'New Labour' was popular whenever it wasn't just the "think of something the Labour party doesn't like and double it" version. It was less popular when it was only narrowly defined as a particular view of public service reform, whatever the merits of the particular policy arguments. How much narrower it became, in the post-political Blair of The Journey, when it seemed to involve endorsing George Osborne on the deficit and rejecting Mandelsonian industrial activism, so that even Peter was not New Labour enough at the end.
Deal or no deal?
Mandelson may appear to somewhat contradict himself in then suggesting that David Miliband should have contracted a pact with Ed Balls to get across the finishing line. Of course, Balls was a significant architect of actually existing New Labour - its macroeconomic strategy and the Bank of England - but would be one of the people that "a take the gloves off" for 2010 New Labour would have been defined against.
You can "take the gloves off" or form a "unity ticket". I am less clear as to how you could do both.
A Kingmaker has much more limited powers than many people think, as this blog argued during the campaign, especially if advising transfers to go against where they are naturally headed. That was why John Redwood failed to secure the Tory leadership for Ken Clarke with their anti-William Hague pact in 1997. The Ed Balls MP votes split three ways - for Ed, David and abstention. However, given how close it was, Miliband could have won had a pact secured only the transfers of Ed Balls himself, his wife Yvette Cooper and one or two other MPs.
But I bet there would have been (rather overblown) briefings and commentaries about how David Miliband had sacrificed New Labour for victory!
David Miliband's real mistake
David Miliband fought a classic frontrunner's campaign, and it wasn't quite enough.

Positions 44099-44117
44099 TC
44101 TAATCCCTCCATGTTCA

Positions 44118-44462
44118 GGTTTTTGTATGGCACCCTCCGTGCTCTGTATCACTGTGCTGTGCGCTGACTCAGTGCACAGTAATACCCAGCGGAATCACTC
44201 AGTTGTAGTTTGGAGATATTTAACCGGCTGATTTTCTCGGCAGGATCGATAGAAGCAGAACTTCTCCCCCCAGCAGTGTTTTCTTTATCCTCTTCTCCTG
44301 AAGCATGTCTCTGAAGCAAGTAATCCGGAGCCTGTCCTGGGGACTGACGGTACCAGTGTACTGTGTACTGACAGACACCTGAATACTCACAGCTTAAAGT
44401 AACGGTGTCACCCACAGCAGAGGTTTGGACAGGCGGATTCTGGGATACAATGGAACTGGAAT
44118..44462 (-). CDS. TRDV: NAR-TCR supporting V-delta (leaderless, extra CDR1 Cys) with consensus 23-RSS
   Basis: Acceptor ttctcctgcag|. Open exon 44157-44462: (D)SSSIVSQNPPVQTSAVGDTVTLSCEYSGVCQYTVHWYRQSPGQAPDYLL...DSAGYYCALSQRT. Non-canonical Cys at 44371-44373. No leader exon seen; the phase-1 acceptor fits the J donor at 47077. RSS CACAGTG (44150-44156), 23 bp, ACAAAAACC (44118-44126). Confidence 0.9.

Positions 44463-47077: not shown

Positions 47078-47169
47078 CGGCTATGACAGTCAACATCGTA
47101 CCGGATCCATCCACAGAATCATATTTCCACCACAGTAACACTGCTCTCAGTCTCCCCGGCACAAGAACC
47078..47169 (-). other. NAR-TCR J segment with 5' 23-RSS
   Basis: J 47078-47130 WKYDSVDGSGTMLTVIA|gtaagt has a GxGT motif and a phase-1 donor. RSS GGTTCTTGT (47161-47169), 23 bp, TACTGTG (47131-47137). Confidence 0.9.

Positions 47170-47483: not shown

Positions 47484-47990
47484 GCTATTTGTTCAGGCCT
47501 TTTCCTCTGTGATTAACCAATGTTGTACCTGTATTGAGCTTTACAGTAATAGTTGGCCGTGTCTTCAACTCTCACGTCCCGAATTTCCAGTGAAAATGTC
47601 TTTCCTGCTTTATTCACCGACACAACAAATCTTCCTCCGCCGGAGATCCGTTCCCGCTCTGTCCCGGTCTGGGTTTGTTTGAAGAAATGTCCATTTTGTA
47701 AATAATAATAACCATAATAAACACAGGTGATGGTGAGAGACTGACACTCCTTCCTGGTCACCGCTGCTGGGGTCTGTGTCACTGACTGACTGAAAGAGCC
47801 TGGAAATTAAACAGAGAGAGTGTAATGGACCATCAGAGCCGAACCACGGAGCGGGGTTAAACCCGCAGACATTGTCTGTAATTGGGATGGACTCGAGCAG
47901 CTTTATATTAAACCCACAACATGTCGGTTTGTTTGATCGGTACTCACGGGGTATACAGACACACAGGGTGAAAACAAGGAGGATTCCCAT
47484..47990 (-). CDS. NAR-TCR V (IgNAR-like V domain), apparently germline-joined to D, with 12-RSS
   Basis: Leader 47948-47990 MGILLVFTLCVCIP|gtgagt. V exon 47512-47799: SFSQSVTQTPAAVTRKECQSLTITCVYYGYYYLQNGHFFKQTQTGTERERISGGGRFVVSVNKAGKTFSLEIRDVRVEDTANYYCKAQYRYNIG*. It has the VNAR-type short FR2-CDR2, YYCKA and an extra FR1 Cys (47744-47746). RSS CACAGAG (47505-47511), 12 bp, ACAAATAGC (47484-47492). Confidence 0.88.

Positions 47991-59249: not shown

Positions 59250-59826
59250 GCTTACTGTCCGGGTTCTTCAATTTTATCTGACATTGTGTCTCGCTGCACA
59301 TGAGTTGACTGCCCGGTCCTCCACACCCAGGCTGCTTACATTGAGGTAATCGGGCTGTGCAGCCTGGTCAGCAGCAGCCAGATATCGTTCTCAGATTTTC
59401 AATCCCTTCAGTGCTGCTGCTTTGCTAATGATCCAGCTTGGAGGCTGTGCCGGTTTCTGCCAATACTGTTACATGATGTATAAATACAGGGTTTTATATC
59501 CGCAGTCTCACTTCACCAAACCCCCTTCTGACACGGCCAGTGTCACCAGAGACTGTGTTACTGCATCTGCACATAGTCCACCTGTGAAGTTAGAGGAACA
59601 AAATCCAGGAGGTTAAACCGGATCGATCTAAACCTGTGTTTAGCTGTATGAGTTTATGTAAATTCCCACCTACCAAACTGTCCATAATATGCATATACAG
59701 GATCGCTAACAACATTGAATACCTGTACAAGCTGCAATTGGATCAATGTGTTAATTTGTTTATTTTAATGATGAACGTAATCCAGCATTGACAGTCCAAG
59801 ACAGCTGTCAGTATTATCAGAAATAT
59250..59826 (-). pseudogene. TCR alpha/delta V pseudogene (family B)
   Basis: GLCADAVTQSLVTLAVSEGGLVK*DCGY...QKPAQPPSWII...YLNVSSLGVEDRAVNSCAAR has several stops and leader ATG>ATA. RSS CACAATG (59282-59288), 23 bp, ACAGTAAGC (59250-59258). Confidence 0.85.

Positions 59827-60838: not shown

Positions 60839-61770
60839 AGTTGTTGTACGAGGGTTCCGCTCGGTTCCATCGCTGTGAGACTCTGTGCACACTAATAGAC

A Monday morning quarterback, with the benefit of hindsight, can see that he needed to have done more to insulate himself from being caricatured and dragged back into a "New Labour or Not" frame, as the Blair and Mandelson books dominated the airwaves just as the ballot papers went out. It was not that the Blair and Mandelson prescriptions were rejected by the party - almost half of the party is sympathetic to a version of it - but they were not the votes that David Miliband needed.
The 2010 contest was going to go for a candidate of "change" rather than no change - because of the scale of the election defeat. And everybody realised that the change needed to go deeper than not being Gordon Brown. David Miliband recognised this in emphasising the Movement for Change but, with hindsight, didn't do enough to project one major issue (it could have been the Green Economy of the future) which would enable him to say more clearly that "are you New Labour or not" was the question being asked by Labour's last generation, not its next one.
Peter Mandelson has himself recognised that New Labour became too narrow and opaque.
As James Purnell has put it well, it was a mistake to forget that New Labour was Labour as well as new, and to seek to narrow it into a sect of true believers.
One of the most attractive things about New Labour in the 1990s was how pluralist it was – with many strands of leftwing thought coexisting, and learning from each other.
Over time, New Labour became too much of a sect – we went from big-tent politics to small-gazebo politics. Perhaps in response, the left has become balkanised into smaller groups, based on small differences. If we recognise that our common goal is a more equal society, we may be able to remember that there is more that unites us than separates us. And where there are differences, we may just see that as an inevitable but manageable pluralism, rather than a reason for division.